I was in LA on Tuesday visiting one of our new clients, an online shoe retailer. After meeting their President, COO, and team for the first time in person, this machine caught my eye. So, I asked their COO if I could try it out. This particular foot scanner is made by 3DFoot.com. I took off my shoes, positioned my feet on the scanner, and it quickly created a 3D model. Now I could go shopping online for shoes that had all been prescanned for fit. I have been surprised to see 3DFoot.com recommend a size 15 in some shoes, a 14 in others, and even a 13 in some. I could virtually try on shoes all day, with just a few clicks. Click here if you want to check out my 3d foot scan, but please turn off your smell-o-vision feature first. This makes tremendous sense, and it works. I have to admit that I have never bought a shoe online. I don't want to deal with returning a shoe that doesn't fit right. The non-tactile experience of shopping for shoes online stops me from converting. How many people don't currently buy shoes online because of this? The majority of the American Internet population is, like me, afraid of buying shoes online, or most apparel for that matter. Certainly a new brand or style of shoe is difficult because you don't know what the fit will be. Maybe buying a replacement shoe of the same brand and size is comfortable. Why am I blogging about this? Because I believe technologies like these are the key to "close the tactile gap" between offline and online shopping. Online conversion is only 2.6% according to Shop.org and Forrester Research's The State of Retailing Online 8.0. I think this is incredibly low, and it hasn't gotten much better over the years. When I ran my online sports nutrition store in 1998, my online conversion was 3.8%. And, for apparel retailers, returns due to poor fit can run as high as 40% of all online sales! Being non-tactile is very costly. There are many interesting technologies that help close the tactile gap between offline and online shopping, including:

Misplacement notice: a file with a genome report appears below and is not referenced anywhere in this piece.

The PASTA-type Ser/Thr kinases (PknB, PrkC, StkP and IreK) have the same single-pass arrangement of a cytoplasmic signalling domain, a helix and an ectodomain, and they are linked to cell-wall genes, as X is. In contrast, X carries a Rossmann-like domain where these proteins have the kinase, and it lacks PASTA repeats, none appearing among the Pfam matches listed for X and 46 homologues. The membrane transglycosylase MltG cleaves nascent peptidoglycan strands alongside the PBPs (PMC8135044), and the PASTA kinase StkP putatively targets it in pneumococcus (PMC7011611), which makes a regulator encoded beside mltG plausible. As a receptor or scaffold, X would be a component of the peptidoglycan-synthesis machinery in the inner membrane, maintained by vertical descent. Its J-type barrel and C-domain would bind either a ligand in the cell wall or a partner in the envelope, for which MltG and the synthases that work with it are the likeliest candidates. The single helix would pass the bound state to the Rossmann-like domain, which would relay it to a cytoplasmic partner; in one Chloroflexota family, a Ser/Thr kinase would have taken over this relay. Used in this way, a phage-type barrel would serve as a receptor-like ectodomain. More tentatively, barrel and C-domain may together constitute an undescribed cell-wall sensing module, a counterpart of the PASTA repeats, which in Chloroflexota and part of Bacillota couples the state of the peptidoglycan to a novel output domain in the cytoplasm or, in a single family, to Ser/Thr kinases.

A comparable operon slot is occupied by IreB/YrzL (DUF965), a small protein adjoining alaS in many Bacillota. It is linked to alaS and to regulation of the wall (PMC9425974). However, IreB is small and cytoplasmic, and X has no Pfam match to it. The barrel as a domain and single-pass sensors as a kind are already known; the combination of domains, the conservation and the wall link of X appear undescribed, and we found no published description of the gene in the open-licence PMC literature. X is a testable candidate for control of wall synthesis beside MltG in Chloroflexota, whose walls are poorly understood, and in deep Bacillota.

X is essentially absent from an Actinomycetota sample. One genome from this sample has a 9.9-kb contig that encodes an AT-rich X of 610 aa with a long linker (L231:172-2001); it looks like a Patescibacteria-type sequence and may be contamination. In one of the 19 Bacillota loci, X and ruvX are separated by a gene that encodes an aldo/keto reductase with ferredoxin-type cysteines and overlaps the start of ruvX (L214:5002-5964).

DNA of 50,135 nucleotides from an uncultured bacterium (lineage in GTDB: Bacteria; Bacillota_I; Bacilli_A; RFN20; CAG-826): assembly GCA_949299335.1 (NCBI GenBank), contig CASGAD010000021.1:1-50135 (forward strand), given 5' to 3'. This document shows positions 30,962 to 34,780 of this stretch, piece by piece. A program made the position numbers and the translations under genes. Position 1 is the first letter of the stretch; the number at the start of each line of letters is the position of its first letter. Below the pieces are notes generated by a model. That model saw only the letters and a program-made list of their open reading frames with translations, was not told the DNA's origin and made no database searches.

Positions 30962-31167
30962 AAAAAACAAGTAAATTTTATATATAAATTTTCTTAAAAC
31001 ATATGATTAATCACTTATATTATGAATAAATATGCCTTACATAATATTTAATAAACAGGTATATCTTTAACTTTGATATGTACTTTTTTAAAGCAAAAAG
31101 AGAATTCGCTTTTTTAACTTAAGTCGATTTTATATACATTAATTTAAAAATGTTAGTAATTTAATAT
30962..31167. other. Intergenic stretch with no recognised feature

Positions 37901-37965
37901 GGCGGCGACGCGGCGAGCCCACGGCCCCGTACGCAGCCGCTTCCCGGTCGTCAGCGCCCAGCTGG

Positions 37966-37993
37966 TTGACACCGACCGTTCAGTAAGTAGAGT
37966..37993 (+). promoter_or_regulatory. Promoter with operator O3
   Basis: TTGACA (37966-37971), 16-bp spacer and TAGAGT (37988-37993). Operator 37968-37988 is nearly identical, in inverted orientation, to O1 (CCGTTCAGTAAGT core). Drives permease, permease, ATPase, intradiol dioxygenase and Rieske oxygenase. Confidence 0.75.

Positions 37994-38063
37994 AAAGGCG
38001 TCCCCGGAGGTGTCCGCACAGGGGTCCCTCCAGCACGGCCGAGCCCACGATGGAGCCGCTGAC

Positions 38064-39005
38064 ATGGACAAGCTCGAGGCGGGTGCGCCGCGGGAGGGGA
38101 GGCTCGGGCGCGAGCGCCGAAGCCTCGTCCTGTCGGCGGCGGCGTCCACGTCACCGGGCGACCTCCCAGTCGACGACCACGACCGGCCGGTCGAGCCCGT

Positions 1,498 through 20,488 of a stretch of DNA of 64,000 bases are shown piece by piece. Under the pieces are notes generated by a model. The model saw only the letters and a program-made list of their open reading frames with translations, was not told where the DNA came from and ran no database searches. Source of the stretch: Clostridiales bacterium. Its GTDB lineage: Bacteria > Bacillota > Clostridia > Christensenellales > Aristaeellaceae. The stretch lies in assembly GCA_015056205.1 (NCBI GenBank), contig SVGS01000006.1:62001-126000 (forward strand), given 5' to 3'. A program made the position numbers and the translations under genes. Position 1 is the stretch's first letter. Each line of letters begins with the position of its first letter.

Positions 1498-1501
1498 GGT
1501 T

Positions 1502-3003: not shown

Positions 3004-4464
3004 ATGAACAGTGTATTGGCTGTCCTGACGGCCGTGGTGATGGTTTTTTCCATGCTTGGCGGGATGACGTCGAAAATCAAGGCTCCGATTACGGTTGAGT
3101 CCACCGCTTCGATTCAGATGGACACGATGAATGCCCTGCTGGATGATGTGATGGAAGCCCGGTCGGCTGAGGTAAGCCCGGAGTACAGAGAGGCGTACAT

At Coremetrics, we proved that these innovations work at increasing conversion. I find these technologies fascinating. It is only a matter of time before Neal Stephenson's virtual-reality vision of the online experience (Metaverse) in Snow Crash or William Gibson's vision of cyberspace (you can thank him for that word) in Neuromancer become a reality. Without a doubt, the next 10 years will bring about an amazing amount of change in online life. Kevin Kelly, founding editor of Wired magazine, wrote one of the most far-out articles on this topic. He looked back at the predictions made in 1995 on what the Internet would become and contrasted that with the reality in 2005. Then he projected 2015. I'm sure his projections are wrong, and he would tell you as much. But it's fun reading. To me, mind expanding. Maybe that 2.6% conversion problem is just a flash in the pan. A bump in the road to our eventual transition to an Always-On world. After all, the Web didn't become a commercial medium, in any significant way at least, until around 1996 (I started banking online that year) or 1997. For a little nostalgia, here is eBay in 1997. Now that's a home page that drove conversion…. away. It's all getting better, faster, quickly.

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